In the VERY Beginning

Halvor Moorshead presents a step-by-step guide for beginners.

BEING EDITOR OF a genealogy magazine is a marvelous ice-breaker when meeting people. A significant portion of the people are either directly interested or have a near relative who is the "family historian." Unless speaking to experienced researchers, within a few minutes I am asked THE question "But where do you start?" I have been asked this often enough to have developed a pretty standard answer.
         I have learned not to discourage people too quickly. I used to answer "There's no simple answer to discovering information about your ancestors; if there was, there wouldn't be a need for a magazine, would there?" I have modified this to "There is vastly more information available than most of us can imagine, some of it fairly easy to obtain. However, you need to become a detective to find all the information you seek." In fact that is what I believe appeals to so many amateur genealogists: we become private investigators.

Question the Family First
If someone is totally new to genealogy, and didn't have to do it as a school project, how many have any idea of the birth dates of their uncles and aunts or even grandparents? What records already exist about the family?
         Without doubt, the first thing beginners should do is talk to their oldest living relatives. Get the dates, get the family history, every scrap of it, and write it down. Ask for everything, especially copies of flyleafs of old family bibles. My experience is that older relatives often assume the family stories are known by everyone else. In my experience they are trustees of a huge treasure trove of knowledge but are unaware of how valuable their recollections can be to others.
         At this stage everything will be of interest but what is most important are the vital records: these are the birth, marriage and death records listing the dates, locations and relationships to other members of the family. Talking to your family will almost certainly introduce you to the family legends. Record these faithfully, however incredible they seem. We'll deal with these later. You may well be told about a relative who is also interested in genealogy. Contact them, tell them of your interest and offer to trade information as you learn more. There is no point in reinventing the wheel. But be careful: amateur genealogists vary from the ultra-careful, who try to confirm everything and give sources, to the "splicers" - those who will actually ignore or even alter names and dates to make data fit. Do not assume that everyone is in the first category!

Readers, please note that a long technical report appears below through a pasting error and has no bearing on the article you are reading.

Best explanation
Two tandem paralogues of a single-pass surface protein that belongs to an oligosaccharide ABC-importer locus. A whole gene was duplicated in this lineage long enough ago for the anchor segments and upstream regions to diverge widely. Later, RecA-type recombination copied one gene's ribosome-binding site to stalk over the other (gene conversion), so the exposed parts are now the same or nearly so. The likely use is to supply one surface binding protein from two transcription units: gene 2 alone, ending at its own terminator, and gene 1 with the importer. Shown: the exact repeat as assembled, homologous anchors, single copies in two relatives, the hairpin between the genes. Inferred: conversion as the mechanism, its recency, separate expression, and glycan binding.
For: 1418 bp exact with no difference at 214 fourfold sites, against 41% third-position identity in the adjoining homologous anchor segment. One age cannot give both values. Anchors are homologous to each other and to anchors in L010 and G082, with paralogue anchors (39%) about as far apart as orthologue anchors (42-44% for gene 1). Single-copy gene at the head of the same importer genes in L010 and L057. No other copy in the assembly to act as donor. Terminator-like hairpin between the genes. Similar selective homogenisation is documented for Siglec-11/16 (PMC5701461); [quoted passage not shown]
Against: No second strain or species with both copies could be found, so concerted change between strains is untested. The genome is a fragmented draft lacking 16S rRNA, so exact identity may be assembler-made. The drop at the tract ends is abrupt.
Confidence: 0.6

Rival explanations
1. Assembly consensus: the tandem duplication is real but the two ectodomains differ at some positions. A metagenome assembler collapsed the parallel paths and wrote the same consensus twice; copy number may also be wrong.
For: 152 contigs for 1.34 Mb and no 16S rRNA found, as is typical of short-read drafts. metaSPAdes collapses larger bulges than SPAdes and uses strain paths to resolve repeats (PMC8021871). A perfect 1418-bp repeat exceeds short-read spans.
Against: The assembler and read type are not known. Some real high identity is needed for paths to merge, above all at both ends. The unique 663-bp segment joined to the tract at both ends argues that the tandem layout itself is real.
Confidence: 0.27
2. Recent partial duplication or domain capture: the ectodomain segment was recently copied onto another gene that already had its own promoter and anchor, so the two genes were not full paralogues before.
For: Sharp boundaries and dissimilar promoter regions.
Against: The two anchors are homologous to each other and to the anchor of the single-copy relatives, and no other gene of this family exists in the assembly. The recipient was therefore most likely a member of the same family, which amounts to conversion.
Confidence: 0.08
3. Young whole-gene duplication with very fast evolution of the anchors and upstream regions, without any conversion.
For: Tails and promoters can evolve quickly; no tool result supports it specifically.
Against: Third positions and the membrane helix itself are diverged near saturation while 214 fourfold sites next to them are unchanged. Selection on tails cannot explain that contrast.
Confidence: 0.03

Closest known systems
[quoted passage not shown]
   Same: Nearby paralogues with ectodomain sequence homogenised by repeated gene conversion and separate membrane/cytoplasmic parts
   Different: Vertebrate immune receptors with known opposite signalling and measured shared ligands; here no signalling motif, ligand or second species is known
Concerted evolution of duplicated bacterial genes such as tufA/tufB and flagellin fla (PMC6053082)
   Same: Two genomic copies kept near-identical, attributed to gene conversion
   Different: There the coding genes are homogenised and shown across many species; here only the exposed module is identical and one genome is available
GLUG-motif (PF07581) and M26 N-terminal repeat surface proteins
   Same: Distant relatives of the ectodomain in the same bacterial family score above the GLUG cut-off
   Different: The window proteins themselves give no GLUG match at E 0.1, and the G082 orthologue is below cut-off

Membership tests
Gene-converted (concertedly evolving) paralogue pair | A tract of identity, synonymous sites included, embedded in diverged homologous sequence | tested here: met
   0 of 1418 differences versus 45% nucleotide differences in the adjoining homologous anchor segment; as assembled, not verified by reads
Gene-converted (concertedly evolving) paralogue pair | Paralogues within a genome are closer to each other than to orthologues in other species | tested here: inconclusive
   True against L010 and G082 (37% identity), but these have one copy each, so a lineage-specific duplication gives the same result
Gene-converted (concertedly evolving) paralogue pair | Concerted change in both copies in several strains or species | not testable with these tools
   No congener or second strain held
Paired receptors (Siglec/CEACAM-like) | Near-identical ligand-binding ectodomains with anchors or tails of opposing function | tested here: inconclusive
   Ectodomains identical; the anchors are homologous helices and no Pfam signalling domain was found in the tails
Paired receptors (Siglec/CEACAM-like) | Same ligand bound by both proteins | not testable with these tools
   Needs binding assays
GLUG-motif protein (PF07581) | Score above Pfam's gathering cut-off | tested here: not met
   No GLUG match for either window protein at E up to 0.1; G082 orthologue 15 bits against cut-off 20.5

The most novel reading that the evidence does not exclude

If you have the right sort of relationship with your relative, you should record the interview on either audio or video tape.

Second Steps
The second stage will depend on how far you got with your family interview. If the birth dates go back before about 1890 and the birth dates did not occur in your immediate area, you may want to try the Family History Centers, run by the Church of Jesus Christ of Latter Day Saints (LDS) - commonly called the Mormons. The LDS have by far the largest collection of genealogical data in the world. There are about 2,800 Family History Centers around the world. They are listed in phone books under the name of the church but usually with a separate telephone number. The data available at each site varies but almost all have computers and the International Genealogical Index (IGI). The IGI records the births and marriages of several hundred million people and their parents. There is always help available at a Family History Center: they will not do your research but they'll show you how to do it (with their tremendous resources the FHCs are very busy, so try to phone to reserve a computer or microfilm/ fiche reader). For confirmation, or for additional information which your local branch does not have, they can order copies of microfilm or microfiche records from their main depository in Salt Lake City for your particular needs at very modest cost. The local Family History Centers also have good booklets on how to start your own ancestor research.
          If you are lucky enough to live in the same area as your ancestors, find out about your local genealogy society (your library will give you a number to call). At society meetings you will meet people with a wide cross-section of experience levels who will give you good advice and become an invaluable source of local information, records and resources. At my local society, new members are asked to stand, introduce themselves and list names of families they are looking for. Believe it or not when one person mentioned a family name, a regular member volunteered that they had a written genealogy of that whole family! It's not probable that this will happen to you but you never know!